"At Lake Como"
Image Dimensions: 15.5 x 22.8 cm | 12.75 x 18.5 cm December
Support Dimensions: none
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This promotional sample of the Stieglitz photograph At Lake Como (1887) was made in 1895 on matt surface Velox photographic paper and inserted into the December, 1895 issue of The American Amateur Photographer. It was printed by the Nepera Chemical Company, founded in 1891 in Nepera Park, (Yonkers) New York by Belgian immigrant Leo Baekeland. (1863-1944) Velox, the first commercially successful photographic paper invented in 1893, was aptly named for the Latin word meaning swift or rapid, and was coated with gelatin silver chloride emulsion which allowed it to be developed with artificial light sources. Gaslight was an early illuminating source used to print it, and versions of the Velox brand after the Nepera Company was purchased by Eastman Kodak in 1899 advertised “Prints by Gaslight” on Velox packaging.
This print, with remnants of paper and adhesive at bottom margin where it had originally been bound as part of a bound volume, exhibits the following Nepera blindstamp, centered in the middle of the gutter of the right margin:
MADE ON VELOX PAPER,
NEPERA CHEM’L CO.M’F’RS.
printed within image at lower margin:
“At Lake Como”
Neg. by Alfred Stieglitz
The following editorial matter was included describing the process of producing the several thousand prints for the December issue:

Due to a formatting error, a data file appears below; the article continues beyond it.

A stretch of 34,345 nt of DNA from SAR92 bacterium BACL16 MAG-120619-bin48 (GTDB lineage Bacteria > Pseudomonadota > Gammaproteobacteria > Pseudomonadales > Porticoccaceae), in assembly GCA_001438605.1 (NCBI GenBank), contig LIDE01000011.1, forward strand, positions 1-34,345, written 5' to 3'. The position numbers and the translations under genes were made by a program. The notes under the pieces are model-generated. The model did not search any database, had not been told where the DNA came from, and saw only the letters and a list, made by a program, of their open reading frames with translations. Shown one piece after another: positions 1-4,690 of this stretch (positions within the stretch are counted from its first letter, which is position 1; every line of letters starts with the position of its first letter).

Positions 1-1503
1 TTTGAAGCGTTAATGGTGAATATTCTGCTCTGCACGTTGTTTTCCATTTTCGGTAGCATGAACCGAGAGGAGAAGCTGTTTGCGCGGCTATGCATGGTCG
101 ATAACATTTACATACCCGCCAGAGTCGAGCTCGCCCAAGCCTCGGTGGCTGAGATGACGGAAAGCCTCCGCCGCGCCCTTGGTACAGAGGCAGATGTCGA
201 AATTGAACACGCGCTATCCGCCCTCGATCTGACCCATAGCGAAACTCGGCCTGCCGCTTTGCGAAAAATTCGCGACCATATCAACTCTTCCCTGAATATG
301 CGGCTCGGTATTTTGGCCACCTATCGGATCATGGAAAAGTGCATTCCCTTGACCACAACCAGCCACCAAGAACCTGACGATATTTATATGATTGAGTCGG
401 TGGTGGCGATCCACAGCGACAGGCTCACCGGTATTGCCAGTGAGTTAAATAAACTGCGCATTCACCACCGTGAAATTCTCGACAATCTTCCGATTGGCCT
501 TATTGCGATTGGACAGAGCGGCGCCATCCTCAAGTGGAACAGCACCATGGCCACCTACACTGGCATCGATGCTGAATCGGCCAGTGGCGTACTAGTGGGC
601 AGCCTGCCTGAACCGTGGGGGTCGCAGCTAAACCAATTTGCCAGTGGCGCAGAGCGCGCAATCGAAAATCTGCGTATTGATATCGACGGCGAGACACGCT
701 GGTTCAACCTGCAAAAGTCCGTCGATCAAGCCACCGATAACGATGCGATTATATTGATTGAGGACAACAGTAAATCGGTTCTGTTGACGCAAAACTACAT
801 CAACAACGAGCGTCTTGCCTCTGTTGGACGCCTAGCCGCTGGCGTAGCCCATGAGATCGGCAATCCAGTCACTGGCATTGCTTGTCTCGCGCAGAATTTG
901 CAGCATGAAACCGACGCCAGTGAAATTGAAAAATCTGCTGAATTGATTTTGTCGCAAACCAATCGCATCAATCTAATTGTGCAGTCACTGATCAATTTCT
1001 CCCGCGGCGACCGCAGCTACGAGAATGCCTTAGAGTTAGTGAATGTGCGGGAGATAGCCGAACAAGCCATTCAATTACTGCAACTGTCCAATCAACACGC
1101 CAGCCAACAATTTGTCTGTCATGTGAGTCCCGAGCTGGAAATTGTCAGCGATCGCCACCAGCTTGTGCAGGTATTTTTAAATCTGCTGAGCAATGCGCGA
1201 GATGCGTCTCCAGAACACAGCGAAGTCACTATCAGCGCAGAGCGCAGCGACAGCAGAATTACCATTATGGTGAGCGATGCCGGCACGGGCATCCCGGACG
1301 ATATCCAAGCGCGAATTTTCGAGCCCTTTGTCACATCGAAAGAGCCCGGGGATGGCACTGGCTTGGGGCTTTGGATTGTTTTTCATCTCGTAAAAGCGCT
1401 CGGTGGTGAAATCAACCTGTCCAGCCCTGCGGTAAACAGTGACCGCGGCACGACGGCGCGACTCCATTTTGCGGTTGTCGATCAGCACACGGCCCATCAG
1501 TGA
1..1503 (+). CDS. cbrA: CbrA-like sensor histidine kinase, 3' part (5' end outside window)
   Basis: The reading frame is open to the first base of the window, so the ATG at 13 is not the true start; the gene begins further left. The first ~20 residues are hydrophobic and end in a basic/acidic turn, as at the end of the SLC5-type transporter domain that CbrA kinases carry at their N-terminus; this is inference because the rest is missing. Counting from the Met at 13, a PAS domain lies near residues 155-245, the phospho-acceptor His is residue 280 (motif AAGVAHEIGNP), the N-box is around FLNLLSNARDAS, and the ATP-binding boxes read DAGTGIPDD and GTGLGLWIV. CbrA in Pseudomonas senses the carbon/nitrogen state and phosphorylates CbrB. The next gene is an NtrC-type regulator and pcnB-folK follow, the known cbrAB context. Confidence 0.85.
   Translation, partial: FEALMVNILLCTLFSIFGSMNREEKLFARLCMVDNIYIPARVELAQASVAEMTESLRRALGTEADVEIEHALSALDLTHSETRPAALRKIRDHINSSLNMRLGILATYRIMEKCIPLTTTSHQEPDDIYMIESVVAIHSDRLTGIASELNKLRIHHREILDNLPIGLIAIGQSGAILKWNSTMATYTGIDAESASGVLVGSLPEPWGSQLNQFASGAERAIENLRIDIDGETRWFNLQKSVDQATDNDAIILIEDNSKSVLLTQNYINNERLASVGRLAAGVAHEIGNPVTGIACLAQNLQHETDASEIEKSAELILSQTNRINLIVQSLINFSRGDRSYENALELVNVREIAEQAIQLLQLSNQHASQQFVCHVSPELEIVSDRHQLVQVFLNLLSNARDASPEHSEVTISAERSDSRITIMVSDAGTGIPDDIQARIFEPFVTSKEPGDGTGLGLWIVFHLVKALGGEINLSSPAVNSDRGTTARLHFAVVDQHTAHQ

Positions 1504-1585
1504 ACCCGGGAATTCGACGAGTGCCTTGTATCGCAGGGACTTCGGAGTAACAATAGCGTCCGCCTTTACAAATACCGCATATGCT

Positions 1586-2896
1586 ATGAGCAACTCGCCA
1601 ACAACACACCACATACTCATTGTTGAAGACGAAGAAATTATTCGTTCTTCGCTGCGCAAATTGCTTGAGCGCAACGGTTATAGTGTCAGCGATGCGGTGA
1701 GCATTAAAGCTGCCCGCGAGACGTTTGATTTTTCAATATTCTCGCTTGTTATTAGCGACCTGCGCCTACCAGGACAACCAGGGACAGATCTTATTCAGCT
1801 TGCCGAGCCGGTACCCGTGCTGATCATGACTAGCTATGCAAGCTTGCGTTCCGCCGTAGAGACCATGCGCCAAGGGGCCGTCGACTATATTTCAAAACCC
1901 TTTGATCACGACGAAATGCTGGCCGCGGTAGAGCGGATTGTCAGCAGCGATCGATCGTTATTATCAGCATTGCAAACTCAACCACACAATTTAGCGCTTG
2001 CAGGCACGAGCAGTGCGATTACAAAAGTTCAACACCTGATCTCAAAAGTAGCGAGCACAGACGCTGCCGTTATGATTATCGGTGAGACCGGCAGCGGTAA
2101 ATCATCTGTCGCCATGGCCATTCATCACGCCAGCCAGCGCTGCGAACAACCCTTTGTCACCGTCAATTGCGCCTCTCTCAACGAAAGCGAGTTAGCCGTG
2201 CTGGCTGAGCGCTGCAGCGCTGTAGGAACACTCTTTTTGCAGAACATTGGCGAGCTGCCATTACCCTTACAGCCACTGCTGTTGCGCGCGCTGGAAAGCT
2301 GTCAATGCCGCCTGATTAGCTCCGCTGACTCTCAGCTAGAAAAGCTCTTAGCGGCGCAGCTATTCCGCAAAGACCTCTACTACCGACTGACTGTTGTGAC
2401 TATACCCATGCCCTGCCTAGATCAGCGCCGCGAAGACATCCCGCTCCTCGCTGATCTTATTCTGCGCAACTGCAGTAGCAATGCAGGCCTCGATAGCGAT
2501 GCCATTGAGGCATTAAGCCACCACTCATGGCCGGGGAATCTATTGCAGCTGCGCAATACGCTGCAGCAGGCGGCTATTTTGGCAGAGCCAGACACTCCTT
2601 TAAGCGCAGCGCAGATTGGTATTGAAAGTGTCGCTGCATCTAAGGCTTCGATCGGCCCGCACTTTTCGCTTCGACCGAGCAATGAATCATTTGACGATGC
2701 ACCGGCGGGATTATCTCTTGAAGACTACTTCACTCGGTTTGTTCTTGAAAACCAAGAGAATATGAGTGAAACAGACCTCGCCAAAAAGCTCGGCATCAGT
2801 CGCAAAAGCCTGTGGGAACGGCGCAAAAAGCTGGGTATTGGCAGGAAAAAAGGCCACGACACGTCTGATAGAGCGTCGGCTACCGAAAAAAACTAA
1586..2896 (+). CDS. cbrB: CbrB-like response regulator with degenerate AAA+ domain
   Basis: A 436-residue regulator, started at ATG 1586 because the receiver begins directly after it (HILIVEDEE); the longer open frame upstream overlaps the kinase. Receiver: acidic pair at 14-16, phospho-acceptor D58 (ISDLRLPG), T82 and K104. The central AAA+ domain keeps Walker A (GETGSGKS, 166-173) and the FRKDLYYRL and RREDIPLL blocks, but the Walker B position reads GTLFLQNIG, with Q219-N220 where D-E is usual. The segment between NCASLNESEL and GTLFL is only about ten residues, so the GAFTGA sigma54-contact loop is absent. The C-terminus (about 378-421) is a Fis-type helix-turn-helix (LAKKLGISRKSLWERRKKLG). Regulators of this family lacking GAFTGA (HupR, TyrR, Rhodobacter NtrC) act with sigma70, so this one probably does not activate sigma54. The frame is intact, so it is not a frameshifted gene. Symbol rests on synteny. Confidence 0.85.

RAPID PHOTOGRAPHIC PRINTING.
Somewhat in the line of the automatic photographic printing apparatus described in the September number of the American Amateur Photographer is the illustration in this number opposite page 565, from a negative by Mr. Alfred Stieglitz, entitled “On Lake Como,” a few thousand of which were required within a short time in order to appear with this number. These prints were made, we are informed, by the Nepera Chemical Co., Nepera Park, N. Y., on their improved matt surface Velox paper, and the exposures were made by a boy unskilled or unacquainted with photography, on the average of five seconds each about two feet from a Manhattan electric arc lamp, which is preferred on account of its steadiness and uniformity; and many other exposures were made to diffused north daylight at an average of five seconds each. It should also be stated that these thousands of exposures were made entirely from one negative, without injury to it, in an incredibly short time, as compared with the slow process of sun printing. Owing to the strange regulations of the Post Office Department, a print placed on a mount doubles the postage; hence it is necessary that the print be unmounted and the sensitized sheet the same size as the pages of the magazine.
We think the illustrations prove the process to be a remarkably simple one, and one which can be used to great advantage in the illustration of books, etc Most any tone can be obtained, according to the length of time the print is left in the developer. (1.)
1. The American Amateur Photographer: New York: December, 1895: p. 568